11. 11. Practical Lessons from Business Ethics Research: Ethical Hot Spots <ul><li>Balancing work and family </li></ul><ul><li>Poor internal communications </li></ul><ul><li>Poor leadership </li></ul><ul><li>Work hours, work load </li></ul><ul><li>Lack of management support </li></ul><ul><li>Need to meet sales, budget, or profit goals </li></ul><ul><li>Little or no recognition of achievements </li></ul><ul><li>Company politics </li></ul><ul><li>Personal financial worries </li></ul><ul><li>Insufficient resources </li></ul>
  12. 12. Practical Lessons from Business Ethics Research (cont’d) <ul><li>Pressure from Above </li></ul><ul><ul><li>The problem of superiors pressuring subordinates is widespread. </li></ul></ul><ul><li>Responding to Pressure from Above </li></ul><ul><ul><li>Consciously avoid putting undue pressure on subordinates. </li></ul></ul><ul><ul><li>Be prepared to deal with excessive organization pressure. </li></ul></ul>
  13. 13. Practical Lessons from Business Ethics Research (cont’d) <ul><li>Ambiguous Situations </li></ul><ul><ul><li>Situations where there are no clear-cut ethical guidelines. </li></ul></ul><ul><ul><li>Ethical codes can help satisfy employees’ need for formal guidelines. </li></ul></ul><ul><li>A Call to Action </li></ul><ul><ul><li>The deliberate and conscious actions of a manager to do the right thing is an ethical and personal matter. </li></ul></ul>
  14. 14. General Ethical Principles <ul><li>Self-Interests </li></ul><ul><li>Personal virtues </li></ul><ul><li>Religious injunctions </li></ul><ul><li>Government requirements </li></ul><ul><li>Utilitarian benefits </li></ul><ul><li>Universal rules </li></ul><ul><li>Individual rights </li></ul><ul><li>Economic efficiency </li></ul><ul><li>Distributive justice </li></ul><ul><li>Contributive justice </li></ul>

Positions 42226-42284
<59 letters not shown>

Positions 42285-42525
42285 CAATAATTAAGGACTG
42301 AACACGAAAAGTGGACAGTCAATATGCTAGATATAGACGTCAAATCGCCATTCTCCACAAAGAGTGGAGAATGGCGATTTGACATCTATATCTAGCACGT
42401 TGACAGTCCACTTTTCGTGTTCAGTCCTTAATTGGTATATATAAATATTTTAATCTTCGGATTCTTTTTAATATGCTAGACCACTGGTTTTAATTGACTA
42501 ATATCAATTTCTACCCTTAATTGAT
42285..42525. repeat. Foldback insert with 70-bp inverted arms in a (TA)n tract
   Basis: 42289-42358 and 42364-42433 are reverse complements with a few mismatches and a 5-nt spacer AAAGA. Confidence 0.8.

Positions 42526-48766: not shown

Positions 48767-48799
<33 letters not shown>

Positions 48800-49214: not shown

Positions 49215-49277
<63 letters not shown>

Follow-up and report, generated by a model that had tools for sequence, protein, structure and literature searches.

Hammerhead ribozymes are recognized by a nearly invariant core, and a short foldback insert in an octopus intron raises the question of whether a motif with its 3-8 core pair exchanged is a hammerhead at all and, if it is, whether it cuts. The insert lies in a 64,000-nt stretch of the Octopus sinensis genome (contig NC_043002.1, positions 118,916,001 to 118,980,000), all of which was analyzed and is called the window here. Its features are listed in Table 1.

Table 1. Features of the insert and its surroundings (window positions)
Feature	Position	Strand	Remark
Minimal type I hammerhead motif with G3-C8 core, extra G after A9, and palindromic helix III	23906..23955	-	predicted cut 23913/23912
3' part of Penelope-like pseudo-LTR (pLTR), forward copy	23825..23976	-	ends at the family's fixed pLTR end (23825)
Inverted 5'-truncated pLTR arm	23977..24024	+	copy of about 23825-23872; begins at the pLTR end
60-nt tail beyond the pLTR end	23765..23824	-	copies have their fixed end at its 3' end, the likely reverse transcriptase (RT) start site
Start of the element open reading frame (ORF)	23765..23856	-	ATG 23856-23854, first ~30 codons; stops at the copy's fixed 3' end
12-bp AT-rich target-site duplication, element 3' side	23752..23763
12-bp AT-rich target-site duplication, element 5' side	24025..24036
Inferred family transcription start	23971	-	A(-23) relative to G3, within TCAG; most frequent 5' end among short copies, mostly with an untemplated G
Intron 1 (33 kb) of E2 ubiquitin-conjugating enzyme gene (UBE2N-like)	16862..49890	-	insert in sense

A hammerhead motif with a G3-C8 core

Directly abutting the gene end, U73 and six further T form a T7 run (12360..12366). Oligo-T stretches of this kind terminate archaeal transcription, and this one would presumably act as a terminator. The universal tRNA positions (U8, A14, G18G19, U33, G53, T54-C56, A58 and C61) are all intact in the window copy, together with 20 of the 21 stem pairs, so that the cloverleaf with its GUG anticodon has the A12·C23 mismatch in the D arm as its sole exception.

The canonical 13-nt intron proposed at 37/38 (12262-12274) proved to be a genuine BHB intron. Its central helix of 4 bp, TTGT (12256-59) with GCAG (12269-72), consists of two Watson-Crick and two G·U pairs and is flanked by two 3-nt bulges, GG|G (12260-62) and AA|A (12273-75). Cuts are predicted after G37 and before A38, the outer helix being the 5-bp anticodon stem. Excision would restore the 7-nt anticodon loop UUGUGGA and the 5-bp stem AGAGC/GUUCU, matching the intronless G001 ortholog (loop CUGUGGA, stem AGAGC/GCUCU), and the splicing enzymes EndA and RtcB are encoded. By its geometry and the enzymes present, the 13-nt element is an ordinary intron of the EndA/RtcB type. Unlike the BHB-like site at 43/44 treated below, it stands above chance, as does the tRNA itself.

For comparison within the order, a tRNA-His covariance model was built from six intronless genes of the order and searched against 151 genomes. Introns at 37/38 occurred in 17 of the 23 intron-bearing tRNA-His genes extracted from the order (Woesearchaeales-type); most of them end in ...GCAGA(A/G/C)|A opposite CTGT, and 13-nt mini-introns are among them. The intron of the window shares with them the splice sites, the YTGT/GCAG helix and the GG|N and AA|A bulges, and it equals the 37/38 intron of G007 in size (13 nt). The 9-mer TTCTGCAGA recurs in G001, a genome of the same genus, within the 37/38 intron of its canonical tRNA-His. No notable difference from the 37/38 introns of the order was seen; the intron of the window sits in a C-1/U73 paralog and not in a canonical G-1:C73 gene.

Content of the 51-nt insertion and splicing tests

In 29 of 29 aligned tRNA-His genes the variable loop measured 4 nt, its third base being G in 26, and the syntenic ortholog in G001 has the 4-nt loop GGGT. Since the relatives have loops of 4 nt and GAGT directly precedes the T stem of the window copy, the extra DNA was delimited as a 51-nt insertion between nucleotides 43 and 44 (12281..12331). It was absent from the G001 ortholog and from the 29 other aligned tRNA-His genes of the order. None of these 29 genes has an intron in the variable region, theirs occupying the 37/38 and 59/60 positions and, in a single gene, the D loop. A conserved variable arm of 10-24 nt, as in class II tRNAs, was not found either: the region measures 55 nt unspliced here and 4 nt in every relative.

15. 15. Encouraging Ethical Conduct <ul><li>Ethics Training </li></ul><ul><ul><li>Amoral managers: managers who are neither moral or immoral, but ethically lazy. </li></ul></ul><ul><ul><li>Key features of effective ethics training programs </li></ul></ul><ul><ul><ul><li>Top management support. </li></ul></ul></ul><ul><ul><ul><li>Open discussion. </li></ul></ul></ul><ul><ul><ul><li>A clear focus on ethical issues. </li></ul></ul></ul><ul><ul><ul><li>Integration of ethics into the organization. </li></ul></ul></ul><ul><ul><ul><li>A mechanism for anonymously reporting ethical violations. </li></ul></ul></ul><ul><ul><ul><li>Reward ethical conduct. </li></ul></ul></ul>
  16. 16. Encouraging Ethical Conduct (cont’d) <ul><li>Whistle-Blowing </li></ul><ul><ul><li>The reporting of perceived unethical matters. </li></ul></ul><ul><ul><li>Reducing the fear of retaliation against whistleblowers </li></ul></ul><ul><ul><ul><li>Anonymous hotlines and web sites </li></ul></ul></ul><ul><ul><ul><li>Personal, confidential guidance </li></ul></ul></ul><ul><li>Ethical Advocate </li></ul><ul><ul><li>An ethics specialist who plays a role of critical questioner in top-management’s decision-making. </li></ul></ul><ul><ul><li>Serves as the Board of directors’ social conscience. </li></ul></ul><ul><ul><li>Helps prevent groupthink and blind conformity </li></ul></ul>
  17. 17. Encouraging Ethical Conduct (cont’d) <ul><li>Code of Ethics </li></ul><ul><ul><li>Published statement of moral expectations for employee conduct </li></ul></ul><ul><ul><li>Requirements for an effective ethics code </li></ul></ul><ul><ul><ul><li>Must describe specific practices as unethical (e.g., kickbacks, payoffs, gifts, falsification of records, and misleading product claims). </li></ul></ul></ul><ul><ul><ul><li>Must be firmly supported and fairly enforced by top management. </li></ul></ul></ul>